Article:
The Åland Islands (pronounced "Oh-lahnd") are a small group of island officially belonging to Finland but awarded a wide degree of autonomy by a League of Nations decision in 1921 that settled a long-running dispute between Sweden and Finland. Among other things, Ålanders have their own parliament, publish their own stamps, are exempt from military service and maintain a special tax status in the European Union.
The archipelago consists of around 80 inhabited islands plus around 6000 uninhabited islands, islets and rocks. The total population is only 26,257 (2002), 90% of which lives on the main island Fasta Åland, which includes the capital Mariehamn.
The islands are monolingually Swedish, a point of some contention in otherwise bilingual Finland. English is generally spoken better than Finnish.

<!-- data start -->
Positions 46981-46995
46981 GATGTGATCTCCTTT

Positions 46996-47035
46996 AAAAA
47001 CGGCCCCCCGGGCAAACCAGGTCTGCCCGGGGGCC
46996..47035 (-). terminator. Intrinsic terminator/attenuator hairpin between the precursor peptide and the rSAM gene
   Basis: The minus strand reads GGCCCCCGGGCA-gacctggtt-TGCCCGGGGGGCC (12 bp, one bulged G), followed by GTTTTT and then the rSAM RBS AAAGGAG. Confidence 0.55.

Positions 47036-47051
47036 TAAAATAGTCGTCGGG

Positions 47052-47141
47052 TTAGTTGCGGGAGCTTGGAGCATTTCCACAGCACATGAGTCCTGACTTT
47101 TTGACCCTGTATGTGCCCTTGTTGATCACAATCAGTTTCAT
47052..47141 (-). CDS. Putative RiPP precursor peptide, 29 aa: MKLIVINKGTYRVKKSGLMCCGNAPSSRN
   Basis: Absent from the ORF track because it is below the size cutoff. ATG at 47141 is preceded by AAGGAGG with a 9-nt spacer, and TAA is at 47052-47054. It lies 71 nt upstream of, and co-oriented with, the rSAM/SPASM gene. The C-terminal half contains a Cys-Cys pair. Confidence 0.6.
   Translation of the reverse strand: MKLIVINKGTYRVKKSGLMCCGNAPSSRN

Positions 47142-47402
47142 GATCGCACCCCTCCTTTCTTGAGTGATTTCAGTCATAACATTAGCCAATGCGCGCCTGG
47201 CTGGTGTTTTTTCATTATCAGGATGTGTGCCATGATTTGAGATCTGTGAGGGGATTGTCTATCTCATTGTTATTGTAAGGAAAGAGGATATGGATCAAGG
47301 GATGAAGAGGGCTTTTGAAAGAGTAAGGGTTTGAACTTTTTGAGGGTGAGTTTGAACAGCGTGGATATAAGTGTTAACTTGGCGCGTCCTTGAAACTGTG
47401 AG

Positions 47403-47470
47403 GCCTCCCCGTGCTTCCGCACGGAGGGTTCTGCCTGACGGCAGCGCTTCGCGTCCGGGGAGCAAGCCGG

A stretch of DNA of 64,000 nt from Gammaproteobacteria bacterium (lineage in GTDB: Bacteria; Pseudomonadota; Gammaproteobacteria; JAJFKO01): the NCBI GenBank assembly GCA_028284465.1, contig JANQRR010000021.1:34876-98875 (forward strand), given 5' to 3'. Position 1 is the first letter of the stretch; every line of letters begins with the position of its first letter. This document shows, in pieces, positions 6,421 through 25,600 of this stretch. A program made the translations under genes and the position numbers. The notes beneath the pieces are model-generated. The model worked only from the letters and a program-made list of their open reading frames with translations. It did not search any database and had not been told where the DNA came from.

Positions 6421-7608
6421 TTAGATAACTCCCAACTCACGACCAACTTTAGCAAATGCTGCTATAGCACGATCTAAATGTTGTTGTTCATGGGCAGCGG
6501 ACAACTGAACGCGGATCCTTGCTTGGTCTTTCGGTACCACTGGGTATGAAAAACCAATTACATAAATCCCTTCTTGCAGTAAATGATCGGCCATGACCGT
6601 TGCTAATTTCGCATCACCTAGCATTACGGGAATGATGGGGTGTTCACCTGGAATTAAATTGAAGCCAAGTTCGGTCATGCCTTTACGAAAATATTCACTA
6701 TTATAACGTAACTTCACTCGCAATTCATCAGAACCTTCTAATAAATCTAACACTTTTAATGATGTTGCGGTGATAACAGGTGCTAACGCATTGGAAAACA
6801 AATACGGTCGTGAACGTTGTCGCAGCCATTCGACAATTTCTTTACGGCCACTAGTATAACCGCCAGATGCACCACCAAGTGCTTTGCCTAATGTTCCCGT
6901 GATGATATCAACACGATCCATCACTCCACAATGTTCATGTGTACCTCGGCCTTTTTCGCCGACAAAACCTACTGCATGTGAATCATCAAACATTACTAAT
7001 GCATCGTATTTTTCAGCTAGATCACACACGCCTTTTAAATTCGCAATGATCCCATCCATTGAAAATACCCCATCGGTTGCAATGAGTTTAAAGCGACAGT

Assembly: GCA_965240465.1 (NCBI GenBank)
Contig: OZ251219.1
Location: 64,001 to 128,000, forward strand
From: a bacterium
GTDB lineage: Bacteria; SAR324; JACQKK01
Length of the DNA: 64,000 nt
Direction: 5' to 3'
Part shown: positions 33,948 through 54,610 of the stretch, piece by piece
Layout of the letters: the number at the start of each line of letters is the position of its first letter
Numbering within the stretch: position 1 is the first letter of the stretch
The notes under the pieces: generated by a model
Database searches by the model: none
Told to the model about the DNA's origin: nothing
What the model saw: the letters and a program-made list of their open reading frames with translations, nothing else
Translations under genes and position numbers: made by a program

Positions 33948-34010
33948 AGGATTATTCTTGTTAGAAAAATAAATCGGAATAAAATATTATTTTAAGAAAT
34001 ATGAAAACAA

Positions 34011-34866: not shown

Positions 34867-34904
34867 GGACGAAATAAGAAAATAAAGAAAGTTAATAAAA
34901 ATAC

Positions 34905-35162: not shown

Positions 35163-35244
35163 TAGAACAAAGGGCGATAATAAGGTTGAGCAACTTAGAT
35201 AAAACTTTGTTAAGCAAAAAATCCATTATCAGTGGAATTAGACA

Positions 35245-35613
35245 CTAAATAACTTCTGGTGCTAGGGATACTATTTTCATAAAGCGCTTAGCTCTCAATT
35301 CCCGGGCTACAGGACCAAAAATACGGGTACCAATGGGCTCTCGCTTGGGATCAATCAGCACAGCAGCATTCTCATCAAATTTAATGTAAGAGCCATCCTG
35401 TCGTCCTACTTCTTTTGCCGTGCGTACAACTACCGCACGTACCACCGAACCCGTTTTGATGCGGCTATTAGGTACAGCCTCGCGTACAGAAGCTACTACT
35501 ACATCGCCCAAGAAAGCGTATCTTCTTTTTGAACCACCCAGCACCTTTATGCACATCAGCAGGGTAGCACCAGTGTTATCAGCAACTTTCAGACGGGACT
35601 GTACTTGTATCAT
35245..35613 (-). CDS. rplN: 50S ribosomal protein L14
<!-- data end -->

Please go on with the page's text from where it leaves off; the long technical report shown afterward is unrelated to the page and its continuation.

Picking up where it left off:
Primarily for tax reasons, the ferries plying between Helsinki and Stockholm all stop off at Mariehamn, making this the easiest and cheapest way to get in (although docking happens at inconvenient times in the middle of the night). Mariehamn also has a small airport that serves flights to mainland Finland and Sweden.
A combination of ferry between the islands and a bicycle on the islands themselves is the most popular option.